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How Social Media Helped Instigate Saturday's Global Women's March

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On January 21, one day after Trump was inaugurated as the 45th President of the United States, women and allies in cities across the USA and countries throughout the world marched in protest in record numbers.

Women rallied in the Ozarks, but nowhere was the crowd bigger than here. So many people have turned out for the Women's March in Chicago that organizers have canceled their plans to march through downtown. "The future is uncertain, but we remain committed to working together on behalf our community", said Terry Uyeki, organizer of the Eureka rally.

"I wanted to be able to go on and tell people, 'Just buy your ticket, don't wait, ' " she said. The peaceful march epitomized the ideology of protest to make social change as taught during the Civil Rights Movement under Dr. Martin L. King, Jr. The Women's March on Washington organisers estimated that 3,477,000 marchers in 673 sister marches took to the streets yesterday to show their support.

Nicole, who lived in DC, said she was taking part to stand up for people's rights.

Both women belonged to the Connecticut Pantsuit Nation - a Facebook group originally created to connect Hillary Clinton supporters - and had chatted online a few times.

Check out more photos of Bravolebs marching for a good cause, below.

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The best way to get up-to-date information during this event is to "Like" MEMA on Facebook, or "Follow" us on twitter @msema. The university tweeted that the Hattiesburg campus is closed until further notice: "Students are being escorted from campus".

North country residents gear up for Washington Women's March
Fillion said she met numerous 50 women she will be traveling with last weekend when they had a logistical meeting. I'm planning to go the Women's March in Montreal, held at the same time as the larger demonstration in D.C.

For all the positivity in the aftermath of Saturday's Women's March on London, there was always going to be some negativity. Sister marches were held elsewhere in the country and even worldwide, and concrete estimates of the Women's March turnout from around the world are now trickling in.

Members of Oxford's longest running acapella group the Alternotives led chants such as, "tell me what democracy looks like? this is what democracy looks like!", and, "back up back up, we want freedom, freedom, all these racist sexist systems, we don't need 'em, need 'em", as the protesters walked from the US Embassy in Grosvenor Square to a rally in Trafalgar Square. Call us biased, but we were especially impressed with what we witnessed firsthand of kids at the march - there, not because their parents dragged them along, but because they considered it a privilege to be seen and heard.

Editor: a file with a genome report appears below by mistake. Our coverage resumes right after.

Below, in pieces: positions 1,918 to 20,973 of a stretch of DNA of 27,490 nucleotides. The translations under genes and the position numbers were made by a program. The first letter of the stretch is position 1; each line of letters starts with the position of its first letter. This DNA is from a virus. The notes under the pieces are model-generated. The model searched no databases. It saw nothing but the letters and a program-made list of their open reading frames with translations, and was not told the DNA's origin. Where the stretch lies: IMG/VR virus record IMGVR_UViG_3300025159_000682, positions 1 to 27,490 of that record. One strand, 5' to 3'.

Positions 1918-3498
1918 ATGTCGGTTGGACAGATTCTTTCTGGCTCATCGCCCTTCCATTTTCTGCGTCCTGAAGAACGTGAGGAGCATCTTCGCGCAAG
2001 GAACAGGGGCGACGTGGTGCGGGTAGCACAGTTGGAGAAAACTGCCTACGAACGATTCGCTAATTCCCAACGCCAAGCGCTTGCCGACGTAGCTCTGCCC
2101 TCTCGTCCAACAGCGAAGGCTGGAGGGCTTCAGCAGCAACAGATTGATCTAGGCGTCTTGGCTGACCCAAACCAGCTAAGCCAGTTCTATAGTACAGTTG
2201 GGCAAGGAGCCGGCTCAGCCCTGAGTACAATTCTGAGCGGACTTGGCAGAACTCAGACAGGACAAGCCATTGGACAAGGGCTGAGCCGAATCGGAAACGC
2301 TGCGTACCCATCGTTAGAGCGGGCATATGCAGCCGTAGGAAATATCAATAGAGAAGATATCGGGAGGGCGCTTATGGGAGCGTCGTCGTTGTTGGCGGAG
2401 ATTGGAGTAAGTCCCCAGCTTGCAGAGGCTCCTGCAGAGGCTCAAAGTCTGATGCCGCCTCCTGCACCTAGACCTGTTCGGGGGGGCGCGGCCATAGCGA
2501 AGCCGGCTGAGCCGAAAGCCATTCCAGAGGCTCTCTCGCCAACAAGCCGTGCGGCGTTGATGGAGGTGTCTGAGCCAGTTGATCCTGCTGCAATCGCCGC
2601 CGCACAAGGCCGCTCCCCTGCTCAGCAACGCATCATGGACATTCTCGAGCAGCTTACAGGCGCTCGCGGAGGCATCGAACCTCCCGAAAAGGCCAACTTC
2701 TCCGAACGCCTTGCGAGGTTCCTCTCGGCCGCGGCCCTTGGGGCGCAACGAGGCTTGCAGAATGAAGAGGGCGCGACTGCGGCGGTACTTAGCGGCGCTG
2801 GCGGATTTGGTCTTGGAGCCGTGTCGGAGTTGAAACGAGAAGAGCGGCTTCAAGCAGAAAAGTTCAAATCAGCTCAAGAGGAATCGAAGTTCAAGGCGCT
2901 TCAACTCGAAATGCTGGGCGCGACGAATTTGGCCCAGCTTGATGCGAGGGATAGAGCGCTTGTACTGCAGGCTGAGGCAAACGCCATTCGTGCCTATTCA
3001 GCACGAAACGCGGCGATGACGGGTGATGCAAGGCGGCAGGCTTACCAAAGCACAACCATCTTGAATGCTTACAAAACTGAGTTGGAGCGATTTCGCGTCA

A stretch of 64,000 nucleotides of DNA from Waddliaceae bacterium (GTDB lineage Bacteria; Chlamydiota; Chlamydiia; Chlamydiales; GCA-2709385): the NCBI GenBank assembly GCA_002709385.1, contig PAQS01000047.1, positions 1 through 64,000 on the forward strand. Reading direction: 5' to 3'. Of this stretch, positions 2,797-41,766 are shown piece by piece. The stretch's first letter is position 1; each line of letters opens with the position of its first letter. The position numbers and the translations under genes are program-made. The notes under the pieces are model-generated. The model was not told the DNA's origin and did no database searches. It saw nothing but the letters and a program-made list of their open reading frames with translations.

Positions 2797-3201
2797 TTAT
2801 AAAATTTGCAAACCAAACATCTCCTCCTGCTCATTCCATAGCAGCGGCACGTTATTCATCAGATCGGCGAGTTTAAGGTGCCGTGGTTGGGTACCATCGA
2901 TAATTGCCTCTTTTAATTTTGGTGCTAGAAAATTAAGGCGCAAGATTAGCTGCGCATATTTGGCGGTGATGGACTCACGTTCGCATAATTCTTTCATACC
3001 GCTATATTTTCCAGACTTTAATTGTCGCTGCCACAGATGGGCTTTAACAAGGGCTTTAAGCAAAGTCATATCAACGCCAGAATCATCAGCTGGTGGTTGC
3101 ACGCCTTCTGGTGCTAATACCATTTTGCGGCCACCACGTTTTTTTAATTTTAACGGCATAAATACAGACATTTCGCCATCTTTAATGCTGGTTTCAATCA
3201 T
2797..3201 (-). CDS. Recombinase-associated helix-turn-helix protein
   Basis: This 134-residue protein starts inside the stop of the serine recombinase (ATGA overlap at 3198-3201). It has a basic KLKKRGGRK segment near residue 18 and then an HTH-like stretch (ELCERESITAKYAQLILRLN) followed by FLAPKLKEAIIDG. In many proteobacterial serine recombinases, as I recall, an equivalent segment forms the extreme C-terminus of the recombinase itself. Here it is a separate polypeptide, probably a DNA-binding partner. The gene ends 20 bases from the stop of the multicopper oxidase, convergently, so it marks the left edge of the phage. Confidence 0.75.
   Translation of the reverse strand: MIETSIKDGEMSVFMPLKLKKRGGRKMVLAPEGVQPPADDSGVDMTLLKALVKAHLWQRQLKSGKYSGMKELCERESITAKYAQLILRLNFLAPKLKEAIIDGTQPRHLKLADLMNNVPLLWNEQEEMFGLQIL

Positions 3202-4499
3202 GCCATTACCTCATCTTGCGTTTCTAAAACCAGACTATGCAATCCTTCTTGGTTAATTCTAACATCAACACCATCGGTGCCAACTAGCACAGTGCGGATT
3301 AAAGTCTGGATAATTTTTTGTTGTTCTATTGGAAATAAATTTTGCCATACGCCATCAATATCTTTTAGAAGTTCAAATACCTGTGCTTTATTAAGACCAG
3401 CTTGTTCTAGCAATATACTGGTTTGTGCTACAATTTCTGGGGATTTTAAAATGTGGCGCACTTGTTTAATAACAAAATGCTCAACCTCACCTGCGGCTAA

"I am here to support women, and push for our rights". The protest there was notably larger than the crowd for Trump's inauguration the previous day. "I have two sons, and I don't want any of this administration's policies or Trump statements to become normalized".

In order to keep this country moving in the right direction, we need to protect and defend the rights of our citizens, not infringe on reproductive rights, voting rights, human rights and every other right we are owed under the Constitution regardless of gender, race, religion, sexuality, economics or anything else. The marchers and their placards were witty and whilst there are times when it is necessary to be serious, I'm glad yesterday's march wasn't one of them.

People drummed, chanted and waved placards that said, among other things, "Nasty women of the world unite", "Woman's place is in the resistance" and "I can't believe we still have to do this".

All the participants in the marches were united against discrimination against women and xenophobia.

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